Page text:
And a popular, uncorrelated way to add that extra layer of diversified safety onto your crisis portfolio is collecting art. Purchasing art, wine and collectables can also be a great hobby that may open up new worlds for you, the investor.
Here's a closer look at art as one of the most popular alternative investments...
According to the index Art Market Research's Art 100, the median price for art has soared 1,066% since 1975 and is up nearly 30% in the past year. Huge numbers have been paid, such as more than $106 million for a Pablo Picasso painting, $90 million for a Chinese Qianlong vase and nearly $11 million for a rare edition of John James Audubon's "Birds of America." Not only are art collectors paying attention; financial people are as well.
As a result, art funds have popped up. With an art fund, an investment manager pools money from investors to purchase paintings. In return, the investors receive ownership units in the artwork, with value tied to the underlying art. The leading art fund is The Fine Art Fund, with more than $150 million in assets. The fund is divided into subfunds: old masters, impressionists, modern and contemporary art. It requires a minimum initial investment of $250,000, but it claims an average annual return of 20%.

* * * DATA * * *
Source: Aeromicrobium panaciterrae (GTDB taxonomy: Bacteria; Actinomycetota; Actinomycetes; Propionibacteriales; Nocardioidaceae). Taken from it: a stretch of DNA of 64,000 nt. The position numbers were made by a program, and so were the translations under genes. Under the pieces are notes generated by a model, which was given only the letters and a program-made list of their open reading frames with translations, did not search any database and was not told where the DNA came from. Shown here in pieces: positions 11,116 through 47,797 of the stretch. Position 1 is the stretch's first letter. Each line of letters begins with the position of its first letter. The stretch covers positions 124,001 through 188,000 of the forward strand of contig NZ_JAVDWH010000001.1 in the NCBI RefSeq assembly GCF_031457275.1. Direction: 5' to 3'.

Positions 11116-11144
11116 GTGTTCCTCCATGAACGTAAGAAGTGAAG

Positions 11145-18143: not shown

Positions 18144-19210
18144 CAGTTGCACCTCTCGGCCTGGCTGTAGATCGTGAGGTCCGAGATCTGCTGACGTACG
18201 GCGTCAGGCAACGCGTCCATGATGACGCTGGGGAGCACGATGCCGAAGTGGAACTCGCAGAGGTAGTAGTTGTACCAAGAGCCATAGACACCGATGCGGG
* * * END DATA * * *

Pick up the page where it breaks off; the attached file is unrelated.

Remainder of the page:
And although art funds provide investors with professional guidance for choosing and pricing artwork, it's possible to invest in art independently.
Here are four tips for investing in art... (more)
Please bookmark us